- Ask them to show you how they jump on one foot, now the other foot, do a cartwheel, donkey kick, hand stand, etc.
- Have them blow up an imaginary bubble until it pops. Do it with them, use your hands to demonstrate the bubble getting bigger and bigger until it pops- clap your hands. This helps them take deep breathes and gets them thinking.
- Have them extend their arms straight in front of them and clench their fists. Their arms and hands should be tense. (Do it with them.) Tell them to imagine there is water building up ready to explode out of their fingers. Count to five and then with a big wahooosh sound release the tension, extend the fingers, and shoot the water out. Repeat as necessary, you can do this with the legs and toes too.
- For older children, ask them math questions. “I forgot, what’s 2 plus 2? What’s 3 times 4?” etc. Try to make it funny by telling them the wrong answers, playing dumb, etc.
- Stomp the floor, slap the floor or your lap, or clap your hands in a rhythm and have them copy you.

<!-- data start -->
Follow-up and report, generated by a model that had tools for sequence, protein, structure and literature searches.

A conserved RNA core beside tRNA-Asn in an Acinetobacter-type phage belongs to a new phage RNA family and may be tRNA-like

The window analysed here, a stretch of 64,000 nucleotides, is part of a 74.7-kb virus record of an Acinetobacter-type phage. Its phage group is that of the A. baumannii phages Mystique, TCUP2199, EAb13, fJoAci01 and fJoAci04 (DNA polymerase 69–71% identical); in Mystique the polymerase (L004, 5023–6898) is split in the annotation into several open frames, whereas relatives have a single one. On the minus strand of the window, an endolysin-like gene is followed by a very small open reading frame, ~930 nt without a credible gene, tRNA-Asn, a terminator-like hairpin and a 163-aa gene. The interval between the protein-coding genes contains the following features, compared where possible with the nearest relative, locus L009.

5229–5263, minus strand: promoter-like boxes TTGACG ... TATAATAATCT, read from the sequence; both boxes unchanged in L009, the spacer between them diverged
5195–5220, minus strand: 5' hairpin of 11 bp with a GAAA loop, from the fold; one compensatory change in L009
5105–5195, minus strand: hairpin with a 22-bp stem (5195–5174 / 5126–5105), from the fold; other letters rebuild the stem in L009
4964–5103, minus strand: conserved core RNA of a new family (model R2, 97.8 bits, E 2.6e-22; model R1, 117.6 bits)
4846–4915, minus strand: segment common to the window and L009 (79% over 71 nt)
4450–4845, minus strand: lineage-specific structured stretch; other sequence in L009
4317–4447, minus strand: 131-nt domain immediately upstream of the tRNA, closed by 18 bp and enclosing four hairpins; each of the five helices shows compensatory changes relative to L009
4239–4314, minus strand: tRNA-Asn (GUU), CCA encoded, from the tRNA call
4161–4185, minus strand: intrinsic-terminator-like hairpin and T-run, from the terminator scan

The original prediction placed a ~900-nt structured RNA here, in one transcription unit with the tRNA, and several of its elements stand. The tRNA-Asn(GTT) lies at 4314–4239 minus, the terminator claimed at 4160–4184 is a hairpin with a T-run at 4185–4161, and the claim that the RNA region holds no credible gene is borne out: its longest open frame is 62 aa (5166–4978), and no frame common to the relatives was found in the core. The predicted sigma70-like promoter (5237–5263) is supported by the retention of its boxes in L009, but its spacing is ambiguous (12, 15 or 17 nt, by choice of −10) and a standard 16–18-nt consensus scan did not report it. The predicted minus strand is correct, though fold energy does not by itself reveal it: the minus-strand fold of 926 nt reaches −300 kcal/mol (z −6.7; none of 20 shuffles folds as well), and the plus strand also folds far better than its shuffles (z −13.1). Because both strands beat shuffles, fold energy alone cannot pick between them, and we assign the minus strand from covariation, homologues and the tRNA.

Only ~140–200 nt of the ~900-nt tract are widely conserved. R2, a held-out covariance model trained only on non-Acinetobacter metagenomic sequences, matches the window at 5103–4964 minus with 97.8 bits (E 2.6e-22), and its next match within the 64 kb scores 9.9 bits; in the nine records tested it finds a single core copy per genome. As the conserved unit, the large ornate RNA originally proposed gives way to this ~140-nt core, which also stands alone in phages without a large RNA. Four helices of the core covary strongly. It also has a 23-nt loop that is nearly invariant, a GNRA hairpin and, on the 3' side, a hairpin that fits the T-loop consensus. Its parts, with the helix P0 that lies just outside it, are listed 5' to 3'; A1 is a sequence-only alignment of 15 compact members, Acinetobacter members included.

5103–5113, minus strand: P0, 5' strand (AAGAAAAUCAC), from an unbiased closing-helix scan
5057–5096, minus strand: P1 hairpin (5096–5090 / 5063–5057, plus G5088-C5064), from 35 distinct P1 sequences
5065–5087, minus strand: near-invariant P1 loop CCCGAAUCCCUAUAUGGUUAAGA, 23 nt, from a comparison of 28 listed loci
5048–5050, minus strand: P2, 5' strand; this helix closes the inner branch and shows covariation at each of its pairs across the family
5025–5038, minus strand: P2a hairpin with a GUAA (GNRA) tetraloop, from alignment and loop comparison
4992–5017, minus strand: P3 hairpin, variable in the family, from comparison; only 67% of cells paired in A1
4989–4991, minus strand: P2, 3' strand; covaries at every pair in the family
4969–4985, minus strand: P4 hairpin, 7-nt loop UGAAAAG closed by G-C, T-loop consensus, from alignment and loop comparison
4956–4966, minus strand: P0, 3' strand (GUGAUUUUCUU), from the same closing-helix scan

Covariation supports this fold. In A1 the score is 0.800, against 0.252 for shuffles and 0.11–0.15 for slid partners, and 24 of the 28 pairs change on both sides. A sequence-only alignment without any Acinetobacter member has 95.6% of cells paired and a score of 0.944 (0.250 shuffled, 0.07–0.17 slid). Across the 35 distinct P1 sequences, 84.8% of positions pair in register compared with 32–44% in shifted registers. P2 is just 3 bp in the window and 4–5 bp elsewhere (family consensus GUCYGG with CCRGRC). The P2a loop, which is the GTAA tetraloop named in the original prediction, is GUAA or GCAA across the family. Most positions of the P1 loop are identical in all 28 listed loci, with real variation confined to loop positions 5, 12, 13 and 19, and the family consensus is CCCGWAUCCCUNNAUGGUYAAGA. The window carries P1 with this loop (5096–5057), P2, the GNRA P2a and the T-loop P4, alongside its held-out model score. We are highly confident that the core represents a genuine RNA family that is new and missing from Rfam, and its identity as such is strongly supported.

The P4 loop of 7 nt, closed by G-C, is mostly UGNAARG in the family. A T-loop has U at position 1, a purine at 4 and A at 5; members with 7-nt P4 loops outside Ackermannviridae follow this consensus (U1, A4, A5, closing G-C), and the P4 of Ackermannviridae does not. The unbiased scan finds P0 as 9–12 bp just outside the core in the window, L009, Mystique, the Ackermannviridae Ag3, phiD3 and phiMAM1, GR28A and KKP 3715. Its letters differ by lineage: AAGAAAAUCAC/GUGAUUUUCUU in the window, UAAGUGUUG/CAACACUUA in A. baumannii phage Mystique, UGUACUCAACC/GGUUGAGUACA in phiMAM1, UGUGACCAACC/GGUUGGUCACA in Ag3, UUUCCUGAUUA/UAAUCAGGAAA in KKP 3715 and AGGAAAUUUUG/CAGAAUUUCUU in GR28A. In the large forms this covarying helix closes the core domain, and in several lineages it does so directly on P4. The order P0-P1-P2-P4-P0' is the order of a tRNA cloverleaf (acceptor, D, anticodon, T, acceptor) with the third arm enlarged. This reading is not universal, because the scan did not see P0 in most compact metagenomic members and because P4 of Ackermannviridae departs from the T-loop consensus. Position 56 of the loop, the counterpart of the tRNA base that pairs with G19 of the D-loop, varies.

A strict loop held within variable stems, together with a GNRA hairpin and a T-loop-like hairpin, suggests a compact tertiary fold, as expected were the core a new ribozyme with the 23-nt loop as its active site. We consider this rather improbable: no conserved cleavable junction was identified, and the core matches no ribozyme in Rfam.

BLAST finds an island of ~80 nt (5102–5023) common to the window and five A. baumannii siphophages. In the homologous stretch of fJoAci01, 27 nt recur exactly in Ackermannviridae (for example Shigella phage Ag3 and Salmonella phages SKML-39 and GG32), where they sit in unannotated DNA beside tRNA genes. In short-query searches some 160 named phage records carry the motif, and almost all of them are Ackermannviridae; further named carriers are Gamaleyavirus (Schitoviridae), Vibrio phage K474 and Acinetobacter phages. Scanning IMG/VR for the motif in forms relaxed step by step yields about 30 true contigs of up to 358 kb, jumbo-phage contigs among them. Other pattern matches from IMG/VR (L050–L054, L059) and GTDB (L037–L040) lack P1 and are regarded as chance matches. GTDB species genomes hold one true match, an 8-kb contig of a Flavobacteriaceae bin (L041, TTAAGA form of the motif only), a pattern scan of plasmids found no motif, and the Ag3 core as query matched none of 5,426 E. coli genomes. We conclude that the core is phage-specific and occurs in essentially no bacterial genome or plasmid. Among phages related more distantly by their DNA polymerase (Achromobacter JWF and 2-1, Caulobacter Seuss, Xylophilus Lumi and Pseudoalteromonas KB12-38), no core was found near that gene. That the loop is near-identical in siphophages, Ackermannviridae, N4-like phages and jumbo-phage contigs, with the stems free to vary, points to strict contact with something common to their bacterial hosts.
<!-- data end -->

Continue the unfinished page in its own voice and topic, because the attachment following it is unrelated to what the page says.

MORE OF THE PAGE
Tips for Success
Before any of this will work, you need to get their attention. Go to their level, touch their shoulder, whisper, or do something silly or random. For example, get down to eye level, touch their shoulder, then whisper, “Hey, want to play a quick game? Go touch 3 blue things.” Or, start jumping on one foot, spin around, and then say, “I bet you can’t do that.” Or “Now you show me.”
Explain to them when they are calm about the upper brain and lower brain. Demonstrate with your hands. 1. The upstairs brain is the thinking part or your brain. This is where you make good choices. 2. Now, lift up your fingers, see your thumb? This is your downstairs brain. Your downstairs brain is where your really big feelings come from. This is where you care about people and feel love, and it is also where you feel upset and anger. It’s ok to feel upset, especially when your upstairs brain is there to help you think and control your emotions. See how your upstairs part of your brain is touching your downstairs part? It is helping the downstairs part to calm down and express your feelings. 3. Sometimes when we get really upset, we flip our lid. Raise your fingers. See how the upstairs brain is no longer touching the downstairs brain? It can’t help the downstairs brain. 4.These strategies will help engage the upstairs brain so it can help the downstairs brain calm down.